I think my teachers were a big part of why I grew up to love reading. I also didn't have a lot of friends in Elementary and I did get picked on for having to wear a patch, and having glasses. Reading was something I could do and do well. I could escape for life and fall into the world of my characters. By the time I reached high school reading was a thing I just didn't know how to do without and even not in college I almost always have a book in my backpack just in case I have a spare moment. This love that I have for reading I want to pass it on to my students. I want my students to be able to discover this world of books and characters. I want my students to be able to talk about the books they are reading and become lifelong readers and learners.

I find it sad that so many adults never read another book after they get out of high school or college. We talked about a study today in class about preservice teacher and they concluded that over 60% of preservice teachers are unenthusiastic readers meaning they only read for assignments. SPED majors are more likely to be unenthusiastic readers. Neither of these are true for me and I have two friends that love to read, but don't make time for it. They read books for enjoyment occasionally, but when they are busy it is something they don't need. Everybody told me when I go to college I wouldn't have time to read, so I wouldn't read. These are people that don't understand how much I love to read. It has slowed down in college. Sometimes I only read around 10 pages a day before I go to bed, but I try to make time to read every single day. I think my passion for reading is something that I hope will rub off on my students and I can teach them how to be good readers, how to choose books they want to read, and how to love reading.


  1. Hooray for reading! I am always excited to see that future teachers enjoy reading, but you are right, it is few and far between. With the Intro to Children's Lit class I teach in Fall semesters, only about 4 out of the 35 enjoy reading and struggle with the picture books and chapter books I assign. They are all future teachers, know their students will need to read, but just don't enjoy it. For me I loved being read to and picked up reading quickly. By 1st grade I was reading to myself and by 3rd grade I could read far beyond my level, but my favorite thing was to be read to, even when I already could read. Our teachers also read the Little House books to us and another favorite read aloud of mine was The Lion, the Witch, and the Wardrobe. I hope teachers realize the importance of the read aloud, not just the importance of reading. As a librarian, I am able to go into classrooms and read to the children and they will sit fascinated listening to stories, particularly if you have enthusiasm when you read. I love having them booktalk to me, where they tell me about a book they read and loved. It can be any book and some of the best ones are when they tell me about a picture book they read in the past. Passion is one of the most important things you can have when reading to your students and I am glad that you have that. It will make you a great teacher!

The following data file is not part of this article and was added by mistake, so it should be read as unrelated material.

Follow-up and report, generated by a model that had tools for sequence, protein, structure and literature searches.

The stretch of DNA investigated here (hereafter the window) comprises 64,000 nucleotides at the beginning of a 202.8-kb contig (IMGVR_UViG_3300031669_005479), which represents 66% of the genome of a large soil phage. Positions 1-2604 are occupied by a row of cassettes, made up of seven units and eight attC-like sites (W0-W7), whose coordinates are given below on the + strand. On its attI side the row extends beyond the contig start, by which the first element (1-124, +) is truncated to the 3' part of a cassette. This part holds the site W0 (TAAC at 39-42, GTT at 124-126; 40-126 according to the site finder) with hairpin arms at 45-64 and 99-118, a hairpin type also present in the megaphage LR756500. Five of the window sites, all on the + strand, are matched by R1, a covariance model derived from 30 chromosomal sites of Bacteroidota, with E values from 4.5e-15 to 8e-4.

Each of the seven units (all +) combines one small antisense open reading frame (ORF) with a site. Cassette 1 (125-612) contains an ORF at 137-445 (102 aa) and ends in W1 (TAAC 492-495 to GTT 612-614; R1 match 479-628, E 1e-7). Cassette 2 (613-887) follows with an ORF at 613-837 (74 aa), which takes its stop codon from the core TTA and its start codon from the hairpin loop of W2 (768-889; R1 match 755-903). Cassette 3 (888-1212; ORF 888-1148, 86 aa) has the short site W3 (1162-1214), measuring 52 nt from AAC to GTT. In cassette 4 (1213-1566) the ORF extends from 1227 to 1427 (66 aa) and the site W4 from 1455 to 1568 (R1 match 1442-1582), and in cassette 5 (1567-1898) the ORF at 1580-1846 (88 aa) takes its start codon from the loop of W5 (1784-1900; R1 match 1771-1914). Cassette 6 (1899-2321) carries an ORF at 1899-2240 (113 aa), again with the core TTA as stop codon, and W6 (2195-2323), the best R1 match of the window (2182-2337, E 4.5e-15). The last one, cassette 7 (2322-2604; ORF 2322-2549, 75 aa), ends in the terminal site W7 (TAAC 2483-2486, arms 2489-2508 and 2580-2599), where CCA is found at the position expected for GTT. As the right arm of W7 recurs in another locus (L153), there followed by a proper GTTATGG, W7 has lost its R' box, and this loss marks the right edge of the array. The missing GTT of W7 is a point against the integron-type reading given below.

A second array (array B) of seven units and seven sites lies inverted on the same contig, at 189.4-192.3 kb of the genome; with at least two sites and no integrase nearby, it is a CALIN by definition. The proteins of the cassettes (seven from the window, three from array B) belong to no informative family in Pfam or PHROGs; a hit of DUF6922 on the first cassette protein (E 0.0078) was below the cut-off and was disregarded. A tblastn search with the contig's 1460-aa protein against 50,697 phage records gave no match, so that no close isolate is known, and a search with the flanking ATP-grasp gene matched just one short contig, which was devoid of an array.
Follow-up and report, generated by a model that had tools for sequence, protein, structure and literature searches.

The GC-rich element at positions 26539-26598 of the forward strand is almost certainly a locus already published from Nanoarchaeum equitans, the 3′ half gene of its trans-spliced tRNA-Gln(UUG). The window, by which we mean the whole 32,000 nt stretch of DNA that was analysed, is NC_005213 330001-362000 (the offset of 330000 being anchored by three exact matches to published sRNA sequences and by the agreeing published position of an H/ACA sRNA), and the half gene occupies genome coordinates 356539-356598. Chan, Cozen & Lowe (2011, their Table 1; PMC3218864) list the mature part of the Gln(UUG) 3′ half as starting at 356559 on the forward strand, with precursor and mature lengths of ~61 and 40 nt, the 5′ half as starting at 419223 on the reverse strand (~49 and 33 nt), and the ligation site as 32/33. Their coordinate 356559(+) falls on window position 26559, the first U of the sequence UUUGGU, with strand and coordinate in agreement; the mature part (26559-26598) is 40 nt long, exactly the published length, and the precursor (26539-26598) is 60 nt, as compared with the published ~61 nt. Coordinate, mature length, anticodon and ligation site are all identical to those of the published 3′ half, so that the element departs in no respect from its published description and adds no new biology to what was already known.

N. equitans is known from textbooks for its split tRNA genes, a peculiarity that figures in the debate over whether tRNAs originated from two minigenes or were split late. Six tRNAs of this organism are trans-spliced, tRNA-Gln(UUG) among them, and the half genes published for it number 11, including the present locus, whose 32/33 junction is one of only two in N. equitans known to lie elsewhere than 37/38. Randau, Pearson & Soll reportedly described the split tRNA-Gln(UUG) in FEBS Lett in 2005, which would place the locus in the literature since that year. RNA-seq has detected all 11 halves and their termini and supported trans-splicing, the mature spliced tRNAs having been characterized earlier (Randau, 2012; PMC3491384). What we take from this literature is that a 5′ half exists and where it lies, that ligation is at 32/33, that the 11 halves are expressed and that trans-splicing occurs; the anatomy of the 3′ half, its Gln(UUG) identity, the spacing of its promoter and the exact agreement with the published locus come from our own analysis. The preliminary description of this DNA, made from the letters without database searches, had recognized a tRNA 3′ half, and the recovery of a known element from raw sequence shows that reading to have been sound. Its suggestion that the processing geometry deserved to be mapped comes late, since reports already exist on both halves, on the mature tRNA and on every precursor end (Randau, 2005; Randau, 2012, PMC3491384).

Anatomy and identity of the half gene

1. Thanks for your comment and adding to the discussion. I have always loved being read to also. But I also really do love reading aloud.

  2. OMG I LOVE THIS POST! Sorry for the all caps but I do :) I fell in love with reading at an early age. While we had standardized tests they were more like a few days out of the year and we didn't study towards them. We read a lot for fun (it was encouraged for extra credit and something to talk about with friends). I am sad that it is slipping away in the ages when they need it most. Those fantasy worlds helped make me a creative thinking where math/science is concerned. I was able to look outside the box and learned to be better at visualizing. I disagree with your teacher too, I don't think every book we read will teach us something in a knowledge type of way. While I think it will fuel creativity in other areas, I don't know that it is always knowledge.

    1. Thanks for commenting. I just don't think every book can have an informational aspect. We had AR points. They were a motivation for me in elementary, but I could care less in middle school and continue to read, but not take the tests.